Published on January 11, 2008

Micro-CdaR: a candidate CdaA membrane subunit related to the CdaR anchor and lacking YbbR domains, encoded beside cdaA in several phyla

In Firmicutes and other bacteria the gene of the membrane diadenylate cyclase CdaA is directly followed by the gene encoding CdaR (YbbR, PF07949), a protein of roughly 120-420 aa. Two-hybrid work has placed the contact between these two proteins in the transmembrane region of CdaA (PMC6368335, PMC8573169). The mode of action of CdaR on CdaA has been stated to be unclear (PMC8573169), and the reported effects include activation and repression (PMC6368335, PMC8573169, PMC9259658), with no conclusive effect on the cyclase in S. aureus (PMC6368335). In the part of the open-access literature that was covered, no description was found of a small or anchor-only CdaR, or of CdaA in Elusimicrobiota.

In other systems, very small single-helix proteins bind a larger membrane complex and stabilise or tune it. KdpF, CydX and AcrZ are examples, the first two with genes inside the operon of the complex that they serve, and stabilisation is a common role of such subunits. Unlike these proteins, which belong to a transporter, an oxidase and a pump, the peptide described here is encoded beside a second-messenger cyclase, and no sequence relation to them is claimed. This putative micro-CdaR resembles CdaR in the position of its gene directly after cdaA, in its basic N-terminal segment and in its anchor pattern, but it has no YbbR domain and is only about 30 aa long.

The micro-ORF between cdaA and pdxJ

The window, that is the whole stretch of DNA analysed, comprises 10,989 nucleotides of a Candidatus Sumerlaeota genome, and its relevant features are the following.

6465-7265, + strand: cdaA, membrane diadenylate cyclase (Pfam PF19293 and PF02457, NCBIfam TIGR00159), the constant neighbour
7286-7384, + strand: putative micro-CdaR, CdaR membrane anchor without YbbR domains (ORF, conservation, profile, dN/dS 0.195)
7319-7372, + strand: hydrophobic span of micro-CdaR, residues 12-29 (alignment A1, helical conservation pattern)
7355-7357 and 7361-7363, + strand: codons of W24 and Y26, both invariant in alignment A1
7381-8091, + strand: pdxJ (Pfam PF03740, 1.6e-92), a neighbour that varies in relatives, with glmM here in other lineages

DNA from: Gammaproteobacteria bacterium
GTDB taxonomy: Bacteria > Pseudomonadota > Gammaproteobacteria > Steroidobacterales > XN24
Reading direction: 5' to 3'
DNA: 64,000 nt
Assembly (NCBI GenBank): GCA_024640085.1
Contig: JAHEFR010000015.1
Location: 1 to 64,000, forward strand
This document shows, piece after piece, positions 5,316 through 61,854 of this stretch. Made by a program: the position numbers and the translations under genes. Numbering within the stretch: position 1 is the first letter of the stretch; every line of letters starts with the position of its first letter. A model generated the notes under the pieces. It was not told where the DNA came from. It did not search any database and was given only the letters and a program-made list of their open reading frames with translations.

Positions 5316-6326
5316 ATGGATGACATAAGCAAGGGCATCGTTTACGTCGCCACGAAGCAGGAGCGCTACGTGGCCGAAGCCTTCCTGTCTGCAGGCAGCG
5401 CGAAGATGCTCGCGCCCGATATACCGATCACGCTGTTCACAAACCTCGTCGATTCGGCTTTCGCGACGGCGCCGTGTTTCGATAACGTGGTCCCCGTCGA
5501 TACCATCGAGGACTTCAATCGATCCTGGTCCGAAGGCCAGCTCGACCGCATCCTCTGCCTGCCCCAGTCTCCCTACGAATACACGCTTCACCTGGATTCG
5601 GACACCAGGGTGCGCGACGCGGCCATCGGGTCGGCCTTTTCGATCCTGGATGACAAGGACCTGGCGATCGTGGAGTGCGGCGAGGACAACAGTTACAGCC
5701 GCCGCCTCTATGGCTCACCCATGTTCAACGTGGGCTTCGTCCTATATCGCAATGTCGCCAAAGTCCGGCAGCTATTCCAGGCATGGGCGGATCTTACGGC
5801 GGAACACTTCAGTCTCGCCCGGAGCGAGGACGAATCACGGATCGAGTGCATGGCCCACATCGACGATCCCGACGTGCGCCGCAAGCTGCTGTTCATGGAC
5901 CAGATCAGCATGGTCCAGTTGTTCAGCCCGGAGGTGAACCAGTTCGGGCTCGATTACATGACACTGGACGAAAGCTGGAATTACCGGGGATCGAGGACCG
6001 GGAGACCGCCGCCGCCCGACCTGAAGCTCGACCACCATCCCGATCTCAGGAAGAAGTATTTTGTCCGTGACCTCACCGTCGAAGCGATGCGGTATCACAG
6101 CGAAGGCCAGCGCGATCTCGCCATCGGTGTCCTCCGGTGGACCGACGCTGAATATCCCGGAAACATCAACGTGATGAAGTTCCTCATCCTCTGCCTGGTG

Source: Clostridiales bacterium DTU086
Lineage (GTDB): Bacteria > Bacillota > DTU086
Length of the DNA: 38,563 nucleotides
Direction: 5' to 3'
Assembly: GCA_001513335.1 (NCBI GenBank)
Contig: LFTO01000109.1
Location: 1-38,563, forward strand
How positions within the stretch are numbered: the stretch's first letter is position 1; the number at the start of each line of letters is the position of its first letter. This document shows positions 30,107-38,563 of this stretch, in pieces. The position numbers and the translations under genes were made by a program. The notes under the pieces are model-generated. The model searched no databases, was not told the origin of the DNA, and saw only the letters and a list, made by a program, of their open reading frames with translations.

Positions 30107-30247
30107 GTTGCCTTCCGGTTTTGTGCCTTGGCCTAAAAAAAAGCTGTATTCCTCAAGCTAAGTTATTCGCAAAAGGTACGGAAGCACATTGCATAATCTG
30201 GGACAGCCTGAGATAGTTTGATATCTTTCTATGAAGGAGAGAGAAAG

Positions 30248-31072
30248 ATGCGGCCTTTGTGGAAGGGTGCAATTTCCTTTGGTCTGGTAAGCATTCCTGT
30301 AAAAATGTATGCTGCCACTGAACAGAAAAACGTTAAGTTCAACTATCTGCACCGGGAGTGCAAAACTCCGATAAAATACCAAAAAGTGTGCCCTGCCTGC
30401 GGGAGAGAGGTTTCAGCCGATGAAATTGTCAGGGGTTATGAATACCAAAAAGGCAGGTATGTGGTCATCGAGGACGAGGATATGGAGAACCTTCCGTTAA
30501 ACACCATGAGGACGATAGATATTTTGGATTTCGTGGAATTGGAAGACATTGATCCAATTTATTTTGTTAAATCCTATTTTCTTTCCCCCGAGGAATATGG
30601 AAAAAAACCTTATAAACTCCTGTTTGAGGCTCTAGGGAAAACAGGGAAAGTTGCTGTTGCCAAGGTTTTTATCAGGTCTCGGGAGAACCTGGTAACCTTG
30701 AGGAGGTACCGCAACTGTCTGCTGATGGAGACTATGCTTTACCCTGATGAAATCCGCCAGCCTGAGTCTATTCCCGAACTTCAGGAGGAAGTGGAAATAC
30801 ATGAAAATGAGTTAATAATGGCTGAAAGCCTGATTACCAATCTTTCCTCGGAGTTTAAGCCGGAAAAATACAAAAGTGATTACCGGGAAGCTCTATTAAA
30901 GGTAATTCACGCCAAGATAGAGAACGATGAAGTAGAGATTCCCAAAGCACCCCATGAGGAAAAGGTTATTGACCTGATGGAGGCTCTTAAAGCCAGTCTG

Slide1: PISA Workshop Wireless LAN Security Live Demo Supporting Organizations Presented by PISA members Mr. Alan Tam CISSP, CCSI, ICI Mr. Jim Shek CISSP, CISA Mr. Young, Wo Sang CISSP, CISA Mr. Marco Ho 27 July 2002 Table of Content: Table of Content WLAN War Driving in Hong Kong Jim Shek WLAN Terms and Security Risks Young, Wo Sang Demo I: Home made antenna, so easy! Jim Shek Demo II: WEP Weakness and Cracking Alan Tam Demo III: Protection from Sniffing by VPN Encryption Marco Ho WLAN Protection Strategy Young, Wo Sang Demo IV: Protection from Illegal Access with silent SSID Marco Ho, Alan Tam The Powerful WLAN Tool: Kismet Alan Tam Slide3: 1 Slide4: Wireless LAN Security Live Demo War Driving in Hong Kong Jim Shek What is War Driving?: What is War Driving? The concept of "war driving" is simple: You need a device capable of receiving an 802.11b signal, a device capable of moving around, and software that will log data from the second when a network is detected by the first. You then move these devices from place to place, letting them do their job. Over time, you build up a database comprised of the network name, signal strength, location, and ip/namespace in use. War Driving in Hong Kong: War Driving in Hong Kong Background: Date : Jul 07, 2002 Time : 11:35am – 1:40pm Weather: Isolated Showers War Driving in Hong Kong: War Driving in Hong Kong Route : Admiralty MTR Stations -> Pacific Place -> Tram (Admiralty to Kennedy Town) -> Tram (Kennedy Town to Causeway Bay) War Driving in Hong Kong: War Driving in Hong Kong Equipments: Notebook + Avaya Gold Wireless LAN card + Windows XP + NetStumbler Notebook + Avaya Gold Wireless LAN card + Antenna + Windows 2000 + NetStumbler Notes : The Scan Speed of NetStumbler was changed to Fastest. Participants : PISA War Driving in Hong Kong: War Driving in Hong Kong Result Overview: Total Number of Discovered Access Point with antenna : 187 Total Number of Discovered Access Point without antenna : 52 (subset of above) Chart 1: Antenna Power War Driving in Hong Kong: War Driving in Hong Kong Result WEP Usage: WEP Enable : 43 WEP Disable : 144 Chart 2: WEP Usage War Driving in Hong Kong: War Driving in Hong Kong Result SSID Usage: Default SSID : 77 Use Non Default SSID : 87 Unknown: 5 Other*: 18 Chart 3: SSID Usage Other means well known SSID, ie PCCW & i-cable Some of the Default SSID list is referenced from http://wlana.net/acc_point.htm War Driving in Hong Kong: War Driving in Hong Kong Result Top SSIDs: Chart 4: Top SSIDs War Driving in Hong Kong: War Driving in Hong Kong Result Channel Distribution: Chart 5: Channel ID Setting Behavior War Driving in Hong Kong: War Driving in Hong Kong Interesting Observations Building-to-Building WLAN We discovered the signals of two APs with the same SSID name are very strong. These two APs are appeared in the list for 3 minutes while the tram is moving. War Driving in Hong Kong: War Driving in Hong Kong Interesting Observations When the tram was stopped … When the tram was stopped, the APs are easier to discover. One of the reasons are having longer time for the software to poll within the effective range. It is particular true when we using the machine without using the antenna. War Driving in Hong Kong: War Driving in Hong Kong Interesting Observations The Accessibility of APs Some APs were accessible when the tram was stopped. We come across some place that with the APs ready for us to connect into it. Below is the snapshot. War Driving in Hong Kong: War Driving in Hong Kong 堅城中心 創業商場 西區警局 上環 MTR 世界書局 中銀保險 環球大廈 警察總站 大有商場 英皇中心 298 War Driving in Hong Kong: War Driving in Hong Kong Another Discovery in Taikoo Place Background: Date : Jul 05, 2002 Time : 03:00pm – 3:20pm Route : Within Taikoo Place Equipment: Notebook + Avaya Gold Wireless LAN card + Antenna + Windows 2000 + NetStumbler Notes : The Scan Speed of NetStumbler was default (ie medium) Participants : PISA War Driving in Hong Kong: War Driving in Hong Kong Another Discovery in Taikoo Place Overview: Total No. of Discovered Access Point with antenna : 30 WEP Usage: WEP Enable : 7 (23%) WEP Disable : 23 (77%) SSID Usage: Default SSID : 8 Non Default SSID : 14 Unknown: 2 Other*: 6 (Problem SSID: 47%) Channel Distribution: (Default Channel: 80%) Slide20: 2 Wireless LAN Terms and Security Risks: Wireless LAN Terms and Security Risks Young Wo Sang What is Wireless LAN?: What is Wireless LAN? It is a LAN Extension of Wired LAN Use High Frequency Radio Wave (RF) Speed : 2Mbps to 54Mbps Distance 100 feet to 15 miles WLAN Terms & Basic Concept: WLAN Terms & Basic Concept 802.11 IEEE family of specifications for WLANs 2.4GHz 2Mbps 802.11a 5GHz, 54Mbps 802.11b Often called Wi-Fi, 2.4GHz, 11Mbps 802.11e QoS & Multimedia support to 802.11b & 802.11a 802.11g 2.4GHz, 54Mbps 802.11i An alternative of WEP 802.1x A method of authentication and security for all Ethernet-like protocols WLAN Terms & Basic Concept: WLAN Terms & Basic Concept Access Point (AP) A device that serves as a communications "hub" for wireless clients and provides a connection to a wired LAN Beacon Message transmitted at regular intervals by the APs Used to maintain and optimize communications to automatically connect to the AP WLAN Terms & Basic Concept: WLAN Terms & Basic Concept Ad Hoc Mode Wireless client-to-client communication, the opposite is Infrastructure Mode WLAN Terms & Basic Concept: WLAN Terms & Basic Concept Infrastructure Mode A client setting providing connectivity to APs As oppose to AdHoc Mode WLAN Terms & Basic Concept: WLAN Terms & Basic Concept SSID or BSSID Basic Service Set Identifier BSS An AP forms an association with one or more wireless clients is referred to as a Basic Service Set WLAN Terms & Basic Concept: WLAN Terms & Basic Concept ESSID Extended Service Set Identifier ESS In order to increase the range and coverage of the wireless network, one needs to add more strategically placed APs to the environment to increase density. This is referred to as an Extended Service Set WLAN Terms & Basic Concept: WLAN Terms & Basic Concept WEP optional cryptographic confidentiality algorithm WLAN Terms & Basic Concept: WLAN Terms & Basic Concept Channel WLAN Terms & Basic Concept: WLAN Terms & Basic Concept DSSS Channel WLAN Terms & Basic Concept: WLAN Terms & Basic Concept Channel WLAN Terms & Basic Concept: WLAN Terms & Basic Concept DSSS Direct Sequence Spread Spectrum, a RF carrier and pseudo-random pulse train are mixed to make a noise like wide-band signal. FHSS Frequency Hopping Spread Spectrum, transmitting on one frequency for a certain time, then randomly jumping to another, and transmitting again. Reading the Strengthen: Reading the Strengthen dBm Decibel referenced to 1 milli-watt into a 50Ω impedance (usually) dBm = 10 * (log10mW) e.g. 0 dBm = 1 mW Attenuation/gain revision: dB = 10 * (log10 [output / input]) If output>input, then dB will be +ve If output<input, then dB will be -ve WLAN Terms & Basic Concept: WLAN Terms & Basic Concept Signal Level & Noise Level SL NL SL NL SL NL WLAN Risk: WLAN Risk Unauthorized Clients In range Malicious client Out of range !! Detector WLAN Risk: WLAN Risk Unauthorized or Renegade Access Points Interception and unauthorized monitoring of wireless traffic Client-to-Client Attacks Jamming (DoS) WLAN Risk - Fake Access Point: WLAN Risk - Fake Access Point Access Point Clone (Evil Twin) Traffic Interception WLAN Risk : WLAN Risk Brute force attacks against access point passwords WEP weakness “Mis-configurations” SSIDs SNMP Community (RO & RW) Administration (Web, Telnet, Serial) Installation WLAN Risk : WLAN Risk Deployment In the Internal Network?! In the DMZ?! Who is allowed install AP? Many $$ to secure the wired network A user spend HK$2,000 to break it When were APs once installed? Where are APs installed? WLAN Risk : WLAN Risk Low cost product prevalent limited features, insecure Accidental detection and connection Wireless card itself Slide42: 3 Demo IHome made antenna, so easyJim Shek: Demo I Home made antenna, so easy Jim Shek Home made antenna, so easy: Home made antenna, so easy Use available material to hand make an antenna, gain from 3dB to 11dB (Real Object Shown) Compared to commercial antenna with gain 6dB, costing HKD600+ Dimension is the key to success. Measurement available on web search. With an antenna, the result of War Driving can be much improved so as to risk of exposure to hacking of your WLAN network! Slide45: 4 Demo IIWEP Weakness and CrackingAlan Tam: Demo II WEP Weakness and Cracking Alan Tam WEP Weakness: WEP Weakness Background Weakness in KSA/RC4 Proof of Concept Some counter actions The magic RFMON mode: The magic RFMON mode Property: Like promiscuous mode in wired Listen(Receive) only Also known as “Monitor Mode” Chipset capable of RFMON (i.e. have specification opened) Cisco Aironet Based on Intersil Prism2 Orinoco (well, not official) What does Linux Hackers use?: What does Linux Hackers use? NIC drivers wlan-ng 0.1.13+ with patch or 0.1.14pre?+ orinoco_cs 0.09b+ with patch Libpcap library with PF_PACKET interface patched to interpret 802.11b packets for example, 0.7.1 with patch Prism Driver & Orinoco Patch ftp://ftp.linux-wlan.org/pub/linux-wlan-ng/ http://airsnort.shmoo.com/orinocoinfo.html WEP: WEP Stands for Wired Equivalent Privacy Symmetric Encryption Algorithm: RC4 Commercial claimed key size: 40 or 128 bit (as of April 2002) At the back: 40 bit secret key + 24 bit IV = 64 bit packet key 104 bit secret key + 24 bit IV = 128 bit packet key IV= Initialization Vector Weaknesses in KSA of RC4 : Weaknesses in KSA of RC4 Presented in a paper by Scott Fluhrer, Itsik Mantin, Adi Shamir Invariance weakness Existence of large class of weak keys IV weakness Related key vulnerability WEP Attack: WEP Attack Invariance weakness WEP packet distinguisher IV weakness Exist in a commonly used mode in RC4 Properties Cryptanalytic Attack: Generally faster than Brute-force Attack Passive Ciphertext-only Attack: Zero knowledge needed Proof of Concept: Proof of Concept Adam Stubblefield, AT&T Labs http://www.cs.rice.edu/~astubble/wep WEPCrack http://sourceforge.net/projects/wepcrack Airsnort http://airsnort.shmoo.com/ Case Study: Airsnort: Case Study: Airsnort Maintained by The Shmoo Group An X-windows application Supported platforms: Cisco Aironet Prism Orinoco Requires approx. 5-10 million encrypted packets to break a key TKIP: TKIP Temporary Key Integrity Protocol Initially referred as WEP2 128bit TK + 40 bit Client MAC 16-octet IV RC4 (still) TK changed every 10,000 packets Reference: Reference Technical Knowledge http://www.qsl.net/n9zia/wireless/index.html http://www.80211-planet.com/tutorials Access Points MAC addresses http://aptools.sourceforge.net/ Reference: Reference Linux Resources http://www.hpl.hp.com/personal/Jean_Tourrilhes/index.html http://lists.samba.org/listinfo/wireless http://airtraf.sourceforge.net/ Slide58: 5 Demo IIISecuring Wireless Networksby VPNMarco Ho: Demo III Securing Wireless Networks by VPN Marco Ho Secure Protocolsfor Encryption: Secure Protocols for Encryption Application Transport (TCP, UDP) Network (IP) 802.11b Link 802.1b Physical SSL (VPN) WEP Network (IP) 802.11b Link 802.1b Physical WEP Network (IP) Ethernet Link Ethernet Physical Application Transport (TCP, UDP) Network (IP) Ethernet Link Ethernet Physical SSL (VPN) Router Network Level Encryption (VPN): Network Level Encryption (VPN) Advantages Encryption of multi-protocols Hides the network routing (with proper configuration) Choices PPTP Come with W2K RRAS Simpler and easier to configure IPSec More secure Microsoft: IPSec over L2TP using 3DES Use certificate (instead of pre-shared keys) to further improve the security : mutual authentication Real Life Demo with PPTP: Real Life Demo with PPTP VPN Server Microsoft VPN Server (RRAS+PPTP) Encryption MPPE 128 (Microsoft Point-to-point Encryption) Authentication MS-CHAP V2 Remark: WEP turned off for demonstration purpose Sniffing Tools: Sniffing Tools Two sniffing tools used to capture traffic packet contents Ethereal Freeware available in Linux and Win32 platforms Iris Commercial product, 15-day evaluation available Strong decode function to ease protocol session tracking Without VPN Encryption: Without VPN Encryption IP-10.0.0.15 Sniffer IP-10.0.0.20 FTP Client IP-10.0.0.25 FTP Server A B “A” FTP to “B” Clear text Clear text Clear text Clear text With VPN Encryption: With VPN Encryption Wireless IP-10.0.0.10 VPN Gateway Ethernet IP-192.168.1.230 VPN Server (PPTP) IP-10.0.0.20 VPN Client FTP Client A D C “A” FTP to “D” with VPN xasdfasdfwasf xasdfasdfwasf IP-10.0.0.15 Sniffer Clear text Slide66: 6 Wireless LAN Protection StrategiesYoung, Wo Sang: Wireless LAN Protection Strategies Young, Wo Sang Recommendation (I): Recommendation (I) Wireless LAN related Configuration Enable WEP, use 128bit key* Drop non-encrypted packets Disable SSID Broadcasts No SNMP access Choose complex admin password Enable firewall function Use MAC (hardware) address to restrict access Non-default Access Point password Change default Access Point Name Use 802.1x [warning] EAP Enable Authentication: EAP Enable Authentication Recommendation (II): Recommendation (II) Deployment Consideration Closed Network* Treat Wireless LAN as external network VPN & Use strong encryption No DHCP (use fixed private IP) Install in a Separated Network Recommendation (III): Recommendation (III) Always (wired or wireless) Install virus protection software plus automatic frequent pattern file update Shared folders must impose password Management Issue Prohibit to install the AP without authorization Discover any new APs constantly (NetStumbler is free, Antenna is cheap) Power off ADSL Modem when Internet access is not required Carefully select the physical location of your AP, not near windows or front doors. The [warning] of 802.1x: The [warning] of 802.1x Session hijacking waits for successfully authenticated , acts as AP, tells , “you are disconnected” AP thinks that is exists Man-in-the-middle-attack 802.1x is one way authentication mechanism acts as an AP to the acts as a user to the AP. Reference : http://www.infoworld.com/articles/hn/xml/02/02/14/020214hnwifispec.xml The workaround to [warning] of 802.1x: The workaround to [warning] of 802.1x Vendor Proprietary Implementation “rekeying” of WEP “Standard” TKIP or Temporal Key Integrity Protocol changes the encryption key about every 10,000 packets Slide74: 7 Demo IVSilent WLAN Access PointMarco Ho & Alan Tam: Demo IV Silent WLAN Access Point Marco Ho & Alan Tam Disabling SSID insertion: Disabling SSID insertion Method 1: Vendor Utility It may use HTTP or SNMP to set the SSID Method 2: Use AP Utility run under Linux http://ap-utils.polesye.net/ Manage by SNMP Supported Platforms: ATMEL chipset (e.g. Linksys WAP11,D-Link DWL-900AP, PCi AP-11S) NWN chipset (e.g. Compex WavePort WP11) Slide77: 8 The Powerful WLAN Tool: Kismet: The Powerful WLAN Tool: Kismet http://www.kismetwireless.net/ Network sniffer Client server architecture Cryptographically weak packet logging Used by German federal authorities (26 July 2002) Platforms Intel iPaq/ARM Zaurus/ARM Contributors: Contributors The workshop was jointly presented by PISA members Alan Tam [email protected] Jim Shek [email protected] Marco Ho [email protected] Young, Wo Sang [email protected] On 27 July 2002, the eve of PISA 1st anniversary of establishment Remark Another valuable presentation on the theoretical part: PISA seminar “Critical Security Issues on Wireless LAN” by Ray Hunt, 13 June 2002 http://www.pisa.org.hk/event/wlan_sec.pdf Copyright: Copyright Professional Information Security Association (PISA) owns the copyright of the presentation. Any party can quote the whole or part of this presentation in an undistorted manner and with a clear reference to PISA. Disclaimer This is the handout of a presentation workshop. The points made here are kept concise for the purpose of presentation. If you require details of test and implementation please refer to technical references.